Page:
Jan. 21 (UPI) -- Japan could be considering an attack weapon that can hit enemy bases in the event of war, according to a local press report.
Yomiuri Shimbun reported Tuesday Japan's ruling Liberal Democratic Party held a meeting to discuss whether the country needs weapons for a counterattack against enemy forces.
Japan's military currently does not deploy a counterattack weapon and its troops, the self-defense forces, are banned from solving international conflicts through violence.
The meeting was held in November when the LDP was addressing the issue of North Korean weapons tests. At the time, Japan had counted 13 instances of North Korean weapons launches for the year.
Ruling party politicians suggested the government should take actions to show the country has zero tolerance for North Korean provocations, and signal to Pyongyang of consequences, according to the Yomiuri.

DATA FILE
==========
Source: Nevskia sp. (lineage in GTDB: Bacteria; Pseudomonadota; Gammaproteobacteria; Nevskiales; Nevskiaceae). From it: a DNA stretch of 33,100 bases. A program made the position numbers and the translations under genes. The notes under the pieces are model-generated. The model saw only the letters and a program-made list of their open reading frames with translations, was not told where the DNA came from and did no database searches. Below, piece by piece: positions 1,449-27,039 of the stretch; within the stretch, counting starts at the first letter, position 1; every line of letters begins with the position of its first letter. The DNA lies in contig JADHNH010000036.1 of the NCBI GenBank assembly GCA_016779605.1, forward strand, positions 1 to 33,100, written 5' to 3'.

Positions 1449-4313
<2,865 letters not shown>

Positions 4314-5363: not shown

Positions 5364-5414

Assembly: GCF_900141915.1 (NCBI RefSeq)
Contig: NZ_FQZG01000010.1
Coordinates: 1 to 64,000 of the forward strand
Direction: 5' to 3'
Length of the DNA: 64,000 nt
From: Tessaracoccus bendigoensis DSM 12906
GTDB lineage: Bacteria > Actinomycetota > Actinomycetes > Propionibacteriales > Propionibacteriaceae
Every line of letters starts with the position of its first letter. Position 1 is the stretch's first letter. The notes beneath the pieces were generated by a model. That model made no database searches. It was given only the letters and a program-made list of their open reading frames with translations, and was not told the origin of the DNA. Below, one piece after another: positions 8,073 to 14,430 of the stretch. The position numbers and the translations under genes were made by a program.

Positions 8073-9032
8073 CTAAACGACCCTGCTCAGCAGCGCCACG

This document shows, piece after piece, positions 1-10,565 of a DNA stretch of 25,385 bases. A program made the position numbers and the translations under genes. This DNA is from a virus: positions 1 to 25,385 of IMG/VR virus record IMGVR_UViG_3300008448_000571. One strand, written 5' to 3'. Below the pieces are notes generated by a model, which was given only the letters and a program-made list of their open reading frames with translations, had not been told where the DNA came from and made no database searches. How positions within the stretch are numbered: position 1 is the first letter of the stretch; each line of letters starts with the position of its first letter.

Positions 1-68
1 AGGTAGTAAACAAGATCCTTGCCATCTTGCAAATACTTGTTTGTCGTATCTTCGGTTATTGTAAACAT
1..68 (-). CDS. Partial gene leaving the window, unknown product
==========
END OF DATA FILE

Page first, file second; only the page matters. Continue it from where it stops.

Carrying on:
Motoo Hayashi, deputy secretary-general of the LDP, asked rhetorically whether Japan would need a capability "to counterattack enemy bases," and Toshihiro Nikai, LDP secretary-general, had nodded in response.
A Japanese foreign ministry official present at the meeting then reportedly said Japan's Constitution does not ban the use of counterattack capabilities, but counterattack is yet to become "policy."
"It requires political judgment," the official said, according to the Japanese newspaper.
The Yomiuri also reported Japan plans to equip F-15 fighter jets with long-range cruise missiles featuring greater standoff defense capabilities by fiscal year 2021.
Japan is also working on the development of a weapon that launches an electromagnetic-pulse attack against enemy power grids and communication lines, the report says. The EMP would pre-emptively disable North Korea's missile capabilities, a Japanese SDF source said.
Japan is also looking to launch a space mission unit, according to DefenseWorld.net on Tuesday.
Japan must defend itself from threats in cyberspace and from electromagnetic interference against Japanese satellites, Prime Minister Shinzo Abe said.